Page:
Whether you’re a parent or a babysitter, sometimes you need some tips and tricks when it comes to discipline. What are the most effective discipline strategies? Which are the best rules of discipline in our post-spanking era?
Our focus has to be educational, not retributive. How do we go back from “to punish” to “to teach”? In small steps, of course! When we use the word “discipline” in parenting and babysitting today we often stray from its original meaning. The word originates from the Latin “disciplina” which means teaching and derives from “discere” which means “to learn”. Yes, we should talk to our little ones about why we want them to do something – not just because we say so! Our primary goal has to be to teach kids, not to punish them.
We are all too familiar with imposing a ton of made-up consequences. For example, we don’t let our little ones watch TV if they don’t pick up and put away their toys. But what TV has to do with tidying? That’s not a natural consequence, it is just something we make up to get kids to comply. A natural consequence would be our refusal to buy more toys. Children have a strong sense of justice and fairness and if they think that our punishment is arbitrary, they will resist.
Having rules is important. Knowing that children will test and push some of them is also important. But we have to stick to the rules, and don’t let our kids break them. Once we make a rule, we just follow through. Discipline is more effective when children are sure that a specific action will lead to a specific consequence.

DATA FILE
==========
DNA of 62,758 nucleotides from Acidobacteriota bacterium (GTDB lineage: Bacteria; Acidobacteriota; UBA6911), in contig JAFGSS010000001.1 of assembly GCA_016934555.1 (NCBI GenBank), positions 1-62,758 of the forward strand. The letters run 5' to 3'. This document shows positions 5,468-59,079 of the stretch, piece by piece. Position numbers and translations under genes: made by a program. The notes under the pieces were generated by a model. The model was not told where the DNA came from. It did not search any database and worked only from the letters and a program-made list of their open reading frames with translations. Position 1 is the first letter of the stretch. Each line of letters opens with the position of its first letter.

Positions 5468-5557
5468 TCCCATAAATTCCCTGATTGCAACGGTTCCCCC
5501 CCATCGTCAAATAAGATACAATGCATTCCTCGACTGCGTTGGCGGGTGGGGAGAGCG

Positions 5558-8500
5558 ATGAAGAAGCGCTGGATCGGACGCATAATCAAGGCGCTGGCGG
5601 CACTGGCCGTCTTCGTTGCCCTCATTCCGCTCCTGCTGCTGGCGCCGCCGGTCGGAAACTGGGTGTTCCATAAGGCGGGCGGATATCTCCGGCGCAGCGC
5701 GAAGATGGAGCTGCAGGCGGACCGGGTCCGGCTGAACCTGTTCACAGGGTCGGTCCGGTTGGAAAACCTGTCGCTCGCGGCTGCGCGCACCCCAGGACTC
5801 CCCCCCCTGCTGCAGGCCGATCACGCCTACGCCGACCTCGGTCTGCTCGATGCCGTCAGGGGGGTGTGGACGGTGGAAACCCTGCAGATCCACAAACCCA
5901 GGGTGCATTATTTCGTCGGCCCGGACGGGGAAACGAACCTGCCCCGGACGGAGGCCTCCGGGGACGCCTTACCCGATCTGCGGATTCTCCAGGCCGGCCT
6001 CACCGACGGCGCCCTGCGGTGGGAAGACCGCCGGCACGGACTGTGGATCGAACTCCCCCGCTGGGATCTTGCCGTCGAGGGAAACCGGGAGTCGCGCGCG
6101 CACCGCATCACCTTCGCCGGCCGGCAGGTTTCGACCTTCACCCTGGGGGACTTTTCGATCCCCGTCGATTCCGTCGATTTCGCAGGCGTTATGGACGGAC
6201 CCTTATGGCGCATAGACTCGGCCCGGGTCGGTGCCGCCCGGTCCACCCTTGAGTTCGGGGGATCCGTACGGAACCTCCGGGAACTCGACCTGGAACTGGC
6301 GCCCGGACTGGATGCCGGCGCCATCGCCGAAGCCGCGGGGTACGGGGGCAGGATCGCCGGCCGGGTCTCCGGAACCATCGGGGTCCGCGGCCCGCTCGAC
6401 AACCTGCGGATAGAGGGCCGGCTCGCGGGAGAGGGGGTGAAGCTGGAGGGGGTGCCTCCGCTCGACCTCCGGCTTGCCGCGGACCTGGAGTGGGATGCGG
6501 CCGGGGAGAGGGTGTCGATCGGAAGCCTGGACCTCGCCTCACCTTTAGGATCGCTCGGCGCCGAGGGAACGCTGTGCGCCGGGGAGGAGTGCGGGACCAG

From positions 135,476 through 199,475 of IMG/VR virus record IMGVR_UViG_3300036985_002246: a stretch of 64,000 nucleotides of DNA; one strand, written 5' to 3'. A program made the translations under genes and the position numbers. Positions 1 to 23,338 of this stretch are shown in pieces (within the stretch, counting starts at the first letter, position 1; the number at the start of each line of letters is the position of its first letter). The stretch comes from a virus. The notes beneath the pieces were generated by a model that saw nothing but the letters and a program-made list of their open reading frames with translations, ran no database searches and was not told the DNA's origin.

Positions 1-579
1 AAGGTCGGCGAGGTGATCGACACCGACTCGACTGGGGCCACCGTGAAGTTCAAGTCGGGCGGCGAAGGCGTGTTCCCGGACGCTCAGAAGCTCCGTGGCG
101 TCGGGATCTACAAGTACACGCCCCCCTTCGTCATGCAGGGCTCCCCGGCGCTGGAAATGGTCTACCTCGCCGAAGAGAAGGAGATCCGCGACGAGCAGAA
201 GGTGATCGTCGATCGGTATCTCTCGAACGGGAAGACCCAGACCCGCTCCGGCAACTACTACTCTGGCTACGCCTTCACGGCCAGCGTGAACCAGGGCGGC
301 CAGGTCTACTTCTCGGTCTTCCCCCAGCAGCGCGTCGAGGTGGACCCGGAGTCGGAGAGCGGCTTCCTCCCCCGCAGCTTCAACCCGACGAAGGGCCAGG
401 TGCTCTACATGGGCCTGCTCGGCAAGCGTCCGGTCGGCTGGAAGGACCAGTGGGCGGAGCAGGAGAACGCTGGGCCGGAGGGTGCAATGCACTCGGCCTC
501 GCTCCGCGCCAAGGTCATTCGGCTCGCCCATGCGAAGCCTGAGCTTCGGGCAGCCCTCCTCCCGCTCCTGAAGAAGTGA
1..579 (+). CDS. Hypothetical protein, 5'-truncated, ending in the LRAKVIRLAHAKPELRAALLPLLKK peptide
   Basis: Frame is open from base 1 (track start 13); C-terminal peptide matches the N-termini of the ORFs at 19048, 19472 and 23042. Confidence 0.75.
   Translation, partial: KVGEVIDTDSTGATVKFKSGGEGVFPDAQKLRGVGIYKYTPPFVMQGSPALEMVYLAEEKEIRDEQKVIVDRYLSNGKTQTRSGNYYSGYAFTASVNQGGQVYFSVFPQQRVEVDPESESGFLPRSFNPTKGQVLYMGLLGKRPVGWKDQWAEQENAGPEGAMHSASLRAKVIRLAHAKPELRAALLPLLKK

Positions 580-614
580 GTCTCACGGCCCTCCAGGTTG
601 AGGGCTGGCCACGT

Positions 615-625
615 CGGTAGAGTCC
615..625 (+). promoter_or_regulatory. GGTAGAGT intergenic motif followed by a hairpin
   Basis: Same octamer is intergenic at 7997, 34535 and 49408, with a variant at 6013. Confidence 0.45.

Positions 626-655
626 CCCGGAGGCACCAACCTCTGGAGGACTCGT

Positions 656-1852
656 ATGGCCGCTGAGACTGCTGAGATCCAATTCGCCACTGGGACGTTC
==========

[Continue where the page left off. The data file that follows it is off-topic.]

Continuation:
There is a term for that; it’s “positive discipline”. Barking “Switch off the light!” isn’t as efficient as telling “Hey, we always switch off the light when we walk out of the bathroom”. Most of the times, a friendly reminder works. And telling things in a positive way helps too. For instance, “remember to hold the glass tight” is better than “don’t drop the glass”. We always use a polite and respectful tone, and we avoid shouting.
Children learn best when discipline messages from both parents align. Similarly, the babysitter’s approach to discipline should match the parents’ methods.
Children should be praised; we have to tell them how proud we feel when they act the way they are supposed to. And we have to bear in mind that very young children may not be able to distinguish between their behavior’s being bad and their being bad. We make sure that we’ve explained to our little ones that we love them no matter what – yes, even when they aren’t the “perfect kids” we are dreaming of!
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